October 27, 2015 7:30 am
Updated: October 27, 2015 3:23 pm

‘This water is our greatest resource’: Ethan Hawke joins call to stop offshore drilling in Gulf of St. Lawrence

WATCH ABOVE: Ethan Hawke may be known for his roles on the big screen, but the actor is adding environmentalist to his resume. He was in Nova Scotia on Monday, joining environmentalist and Mi'kmaq community members calling a moratorium on oil and gas exploration in the Gulf of St. Lawrence. Ross Lord has the story.

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HALIFAX – Hollywood actor Ethan Hawke lent some star power to environmentalists and First Nations groups in Nova Scotia who are calling for a ban on offshore drilling in the Gulf of the St. Lawrence.

On Monday, the Academy Award nominee joined the chiefs of the Paq’tnkek First Nation and the Mi’kmaq of Gespe’gewa’gi along with the Save our Seas and Shores Coalition to  call for a 12-year moratorium in the Gulf.

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“Water is more valuable than oil. This water is our greatest resource,” Hawke told reporters.

The actor has a house in Monastery, N.S. and has been visiting the area for 20 years. Hawke was asked to attend the event by the First Nations groups and said protecting the Gulf is personal.

“I’m sure some people are wondering what I’m doing here. I’m largely here as your neighbour and your friend and a friend to this area,” he said.

“The one thing I can do as the one actor in the community is to sit next to really educated people who are working extremely hard to protect this beautiful water.”

Hawke participated in a water ceremony on the waterfront, which  involved prayers and offerings by Mi’kmaq elders as the sound of traditional drums and the smell of burning sweetgrass filled the air.

Held each season, it honours the Mi’kmaq people’s relationship with the water, the fish, the land, and their resources.

WATCH: Actor and celebrity Ethan Hawke lent his star power to the call against oil and gas development in the Gulf of the St. Lawrence. It’s an issue of particular interest to First Nations groups in Nova Scotia. Julia Wong reports.

Call for more protection

Hawke said he trusts the judgment of the First Nations who have long lived in the area.

“I believe in the Mi’kmaq ability to decide what is best for this land. They earned that right not just by inhabiting this land for thousands of years but for the way they’ve cared for that water. I trust their judgment about what is best for this area, for the earth, for the land, for the people and for the water.”

First Nations chiefs said oil should not be given more priority than the environment.

“We demand the race to drill in the Gulf be stopped,” said Chief  P.J. Prosper of the Paq’tnkek First Nation.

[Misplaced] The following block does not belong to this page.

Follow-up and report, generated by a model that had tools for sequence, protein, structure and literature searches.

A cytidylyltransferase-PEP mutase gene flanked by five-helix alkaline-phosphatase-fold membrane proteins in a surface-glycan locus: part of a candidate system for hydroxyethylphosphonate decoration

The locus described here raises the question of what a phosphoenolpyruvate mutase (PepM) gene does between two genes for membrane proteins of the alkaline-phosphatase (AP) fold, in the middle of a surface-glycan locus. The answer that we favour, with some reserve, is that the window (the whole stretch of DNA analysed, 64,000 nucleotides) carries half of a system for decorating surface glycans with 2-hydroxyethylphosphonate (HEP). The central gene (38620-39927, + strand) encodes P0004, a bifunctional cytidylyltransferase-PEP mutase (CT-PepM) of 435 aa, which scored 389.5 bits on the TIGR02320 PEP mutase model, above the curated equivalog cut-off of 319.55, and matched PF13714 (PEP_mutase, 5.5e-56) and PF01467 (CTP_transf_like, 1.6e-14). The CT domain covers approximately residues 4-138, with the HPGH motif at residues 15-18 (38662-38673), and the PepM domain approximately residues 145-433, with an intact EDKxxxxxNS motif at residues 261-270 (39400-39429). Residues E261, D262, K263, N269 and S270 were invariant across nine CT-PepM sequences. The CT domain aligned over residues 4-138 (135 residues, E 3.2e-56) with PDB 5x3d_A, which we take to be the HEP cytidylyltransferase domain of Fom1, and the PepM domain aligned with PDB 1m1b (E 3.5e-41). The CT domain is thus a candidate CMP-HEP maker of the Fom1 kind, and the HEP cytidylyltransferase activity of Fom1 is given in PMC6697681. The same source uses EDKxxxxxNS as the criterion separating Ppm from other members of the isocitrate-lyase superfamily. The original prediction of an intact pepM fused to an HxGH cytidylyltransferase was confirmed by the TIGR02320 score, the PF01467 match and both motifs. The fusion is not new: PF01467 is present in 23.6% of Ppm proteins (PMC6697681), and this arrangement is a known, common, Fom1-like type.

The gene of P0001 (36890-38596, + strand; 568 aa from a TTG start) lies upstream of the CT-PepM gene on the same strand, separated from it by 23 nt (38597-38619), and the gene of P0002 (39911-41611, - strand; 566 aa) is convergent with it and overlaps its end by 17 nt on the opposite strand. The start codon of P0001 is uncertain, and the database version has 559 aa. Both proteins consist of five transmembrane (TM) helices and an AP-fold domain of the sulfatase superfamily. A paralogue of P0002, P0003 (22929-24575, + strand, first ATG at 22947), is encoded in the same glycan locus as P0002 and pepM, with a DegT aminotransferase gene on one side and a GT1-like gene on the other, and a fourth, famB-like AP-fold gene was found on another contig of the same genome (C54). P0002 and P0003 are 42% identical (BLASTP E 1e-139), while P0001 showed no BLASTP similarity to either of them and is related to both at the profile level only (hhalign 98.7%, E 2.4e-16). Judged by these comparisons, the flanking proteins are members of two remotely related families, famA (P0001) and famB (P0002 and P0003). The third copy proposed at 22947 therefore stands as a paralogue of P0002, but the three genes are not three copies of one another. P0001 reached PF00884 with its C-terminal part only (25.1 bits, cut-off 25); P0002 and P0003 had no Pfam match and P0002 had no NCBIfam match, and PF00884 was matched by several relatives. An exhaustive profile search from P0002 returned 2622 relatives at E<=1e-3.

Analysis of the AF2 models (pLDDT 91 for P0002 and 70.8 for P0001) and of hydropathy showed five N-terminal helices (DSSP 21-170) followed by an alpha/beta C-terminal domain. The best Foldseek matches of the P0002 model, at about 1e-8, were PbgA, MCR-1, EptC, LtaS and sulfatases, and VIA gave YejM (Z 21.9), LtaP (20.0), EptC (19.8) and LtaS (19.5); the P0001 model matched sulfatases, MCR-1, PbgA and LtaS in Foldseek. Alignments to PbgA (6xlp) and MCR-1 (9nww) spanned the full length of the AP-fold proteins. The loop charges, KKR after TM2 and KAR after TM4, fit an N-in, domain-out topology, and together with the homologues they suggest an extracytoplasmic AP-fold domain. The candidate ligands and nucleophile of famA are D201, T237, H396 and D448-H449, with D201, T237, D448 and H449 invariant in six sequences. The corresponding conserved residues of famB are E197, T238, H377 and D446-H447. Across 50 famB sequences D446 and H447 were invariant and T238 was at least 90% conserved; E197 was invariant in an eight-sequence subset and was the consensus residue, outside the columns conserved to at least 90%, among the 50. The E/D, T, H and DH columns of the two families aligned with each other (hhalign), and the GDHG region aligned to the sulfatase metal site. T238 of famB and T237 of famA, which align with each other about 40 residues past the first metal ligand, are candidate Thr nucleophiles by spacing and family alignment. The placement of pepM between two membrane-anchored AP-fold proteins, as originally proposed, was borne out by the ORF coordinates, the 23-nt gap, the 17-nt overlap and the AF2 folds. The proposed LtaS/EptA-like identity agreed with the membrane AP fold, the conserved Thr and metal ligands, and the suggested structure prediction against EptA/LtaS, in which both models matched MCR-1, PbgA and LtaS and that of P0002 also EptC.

“Canadians and our Nations must be heard. No drilling without the proper assessment. The social good demands this. The Atlantic fisheries, our economy, our ecosystem must take precedence over oil.”

Chief Scott Martin of the Mi’kmaq Government said water is sacred for the First Nations people.

“We are all a treaty people. We all hold the sacred responsibility to take care of the lands and resources, not only for ourselves but for future generations as Mi’kmaq people,” he said.

“I’ve often thought if the water could have a voice here at this table what would she say? What would she say about the treatment and the neglect that people hold towards these invaluable and finite resources. So I ask you here today to please consider this very special meaning that water has for us, for all of us and the future generations that it supports.”

Mary Gorman, spokesperson from Save Our Seas and Shores Coalition, said marine protection is weak in Canada right now and more must be done to protect the Gulf’s fragile ecosystem.

“It has counterclockwise currents that only flush into the Atlantic once a year. It is windy with ice cover. It sustains multi-billion dollar fishery and tourism industries and has among the largest lobster production in the world,” she said.

New Liberal government

Martin said he hopes the new Trudeau government will be receptive to their concerns.

“When they came campaigning at our doors, they say ‘We’re here to work with you’ and ‘Anything we can do to help you?’ This will be one of their first tests they will be challenged with because of the fact we’ve been trying to stop this for many years now,” he said.

“Now is the time to step up to the plate.”

Cape Breton-Canso MP Rodger Cuzner, who was in attendance at the event, said prime minister-designate Justin Trudeau is committed to a new relationship with First Nations communities.

“It is the early days now. We don’t know who is going to end up at the portfolio but it’s one that Atlantic caucus members that have been around the table for a while are very aware of,” he said.

A spokesperson for Central Nova MP Sean Fraser told Global News that Fraser will bring the issue to the attention of the minister in charge.

“Because of the importance of the fishery and the environment, he will make this concern an early priority once taking office,” reads the statement sent to Global News.

Hawke said he’s glad his celebrity drew media to cover the event. But he also downplayed his participation.

“I know the real difference will be made in other rooms,” he said. “It’s just an opportunity to talk about it . . I was invited to be a part of this so I take it seriously.”

– with files from CP

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